This section covers the costs of the services covered under the agreement. These may vary depending on area or state. Some may have flat rate fees per month. When you do research on fees against the current market, take into consideration the services covered by the property management company – higher fees can sometimes be an indication of more comprehensive services. The same section also lays out the costs for additional services that you might add.
  • Extra fees
    There may (or may not) be a section for extra costs. You may add these if you want to engage the property management company for extra responsibilities that are not in the standard contract. Make sure to stipulate these extra duties within this section.
  • The responsibilities of the property owner
    This section enumerates what your responsibilities are as the property owner. Included in this same section is a clause that discusses the exact kind of insurance that you need to carry out at all times.
  • The limitations of the property owner
    Most property management agreement forms contain a section that governs what you cannot do as a property owner. These limitations are necessary so that the property management company can deal with all of the aspects of the daily management of the property.
  • Length of the agreement
    Generally, the standard length of a property management agreement is one year, even for those cases where the partnership has lasted for many years. A yearly review of the contract is important to make sure that all of the relevant issues are adequately covered. Moreover, fees may increase and you may want to add new services.
  • Liabilities
    This section covers the legal liabilities and indemnifications with regards to the property. Such liabilities may include:
    A clause that specifies the management company’s liability in cases where there are any personal claims or injuries against the property.
    There can be cases where the management company knew about a risk and didn’t do anything to deal with it. In such a case they might have liability for it.
    Also, specify in this section who gets the liability for the different situations that may arise when dealing with the property.
    There should be clauses about liability when tenants break their leases which might lead to your financial distress.
  • Compliance issues
    When renting properties to residents or commercial enterprises, there are some legal compliance issues involved. This section determines the responsibilities of the property management company for such issues. Include in this section the details about equal opportunity housing and discussions about local laws and codes.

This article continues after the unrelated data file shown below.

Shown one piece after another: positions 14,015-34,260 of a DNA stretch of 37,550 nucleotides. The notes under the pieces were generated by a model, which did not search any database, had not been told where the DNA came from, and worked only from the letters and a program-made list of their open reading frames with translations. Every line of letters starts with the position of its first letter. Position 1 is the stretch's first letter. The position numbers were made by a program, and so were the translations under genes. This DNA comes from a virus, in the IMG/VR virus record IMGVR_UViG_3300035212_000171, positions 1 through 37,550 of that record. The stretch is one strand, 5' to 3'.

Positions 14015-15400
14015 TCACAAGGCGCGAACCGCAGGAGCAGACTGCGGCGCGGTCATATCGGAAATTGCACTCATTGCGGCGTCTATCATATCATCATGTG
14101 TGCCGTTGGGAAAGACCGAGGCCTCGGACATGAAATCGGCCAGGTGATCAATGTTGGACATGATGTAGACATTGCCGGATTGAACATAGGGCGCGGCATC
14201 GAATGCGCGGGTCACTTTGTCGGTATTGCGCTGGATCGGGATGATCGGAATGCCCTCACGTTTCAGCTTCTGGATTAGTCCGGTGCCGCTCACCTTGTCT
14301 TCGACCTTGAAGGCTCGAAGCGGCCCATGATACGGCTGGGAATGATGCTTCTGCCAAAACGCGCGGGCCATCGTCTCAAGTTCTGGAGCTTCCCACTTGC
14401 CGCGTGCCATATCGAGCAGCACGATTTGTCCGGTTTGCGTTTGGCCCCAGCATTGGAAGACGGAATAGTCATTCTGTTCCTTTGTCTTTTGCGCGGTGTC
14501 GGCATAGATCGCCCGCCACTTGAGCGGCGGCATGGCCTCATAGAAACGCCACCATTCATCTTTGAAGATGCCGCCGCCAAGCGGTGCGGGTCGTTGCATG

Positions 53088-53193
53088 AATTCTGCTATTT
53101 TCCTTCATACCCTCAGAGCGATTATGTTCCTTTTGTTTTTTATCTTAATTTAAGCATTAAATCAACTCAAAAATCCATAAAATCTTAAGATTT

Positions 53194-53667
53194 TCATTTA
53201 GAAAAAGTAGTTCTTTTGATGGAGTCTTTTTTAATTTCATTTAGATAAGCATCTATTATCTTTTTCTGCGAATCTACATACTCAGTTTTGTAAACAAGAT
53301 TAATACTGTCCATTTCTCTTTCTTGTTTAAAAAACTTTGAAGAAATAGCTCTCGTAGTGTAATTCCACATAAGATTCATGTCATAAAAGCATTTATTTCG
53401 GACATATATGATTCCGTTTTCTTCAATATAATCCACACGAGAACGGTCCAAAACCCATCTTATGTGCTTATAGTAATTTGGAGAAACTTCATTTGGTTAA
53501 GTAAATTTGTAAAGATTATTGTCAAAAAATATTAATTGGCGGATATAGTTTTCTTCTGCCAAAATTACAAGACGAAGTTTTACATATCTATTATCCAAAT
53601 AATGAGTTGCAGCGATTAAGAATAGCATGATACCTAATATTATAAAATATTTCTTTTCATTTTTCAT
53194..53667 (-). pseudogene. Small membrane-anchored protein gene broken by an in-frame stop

• Funding or advances
    Discussed here are your responsibilities as the property owner which includes funding for the day-to-day management of the property or any possible emergencies, and a section on advances.
    Property management companies sometimes advance money for any costs needed for the property. For this, there may be fees associated with fund repayment as well as a set of timelines as to when you must return the entire payment to the management company.

Property Management Agreement Forms

Adding a termination clause in your agreement

Another important feature of a property management agreement is the inclusion of a termination clause. It must specify when and why the property manager or the management company has the authority to terminate the contract or if you as the owner also have the same authority to terminate it. Here are some details to include in such a clause:

  • Notice to Terminate
    The usual notice period to terminate a contract is between 30 and 90-days. Conversely, make sure that the property management company gives you a minimum of 30-days notice to terminate the agreement.
  • Fee for Early Termination
    There is a need to pay a fee when you terminate the contract before it expires. This fee can vary from a couple of hundred dollars to having to pay the property management company all the fees that would have amassed over the remaining duration of the contract.
  • Reason to Terminate
    An agreement that doesn’t need a cause to terminate is something you might consider as this allows you to terminate the agreement without penalty as in the case of a manager cannot find a tenant within the set time period.
  • Obligations Upon Termination
    The agreement should also include a list of duties that you must perform upon termination and a timeframe they must get completed. For instance, one duty is for the property manager to give the property owner copies of all the tenants’ leases within 2 weeks of contract termination or that all of the money owed to either party should get paid within 30-days of the termination of the contract.
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Tagged:AgreementPropertyProperty ManagementReal Estate
TemplateLab September 2nd, 2021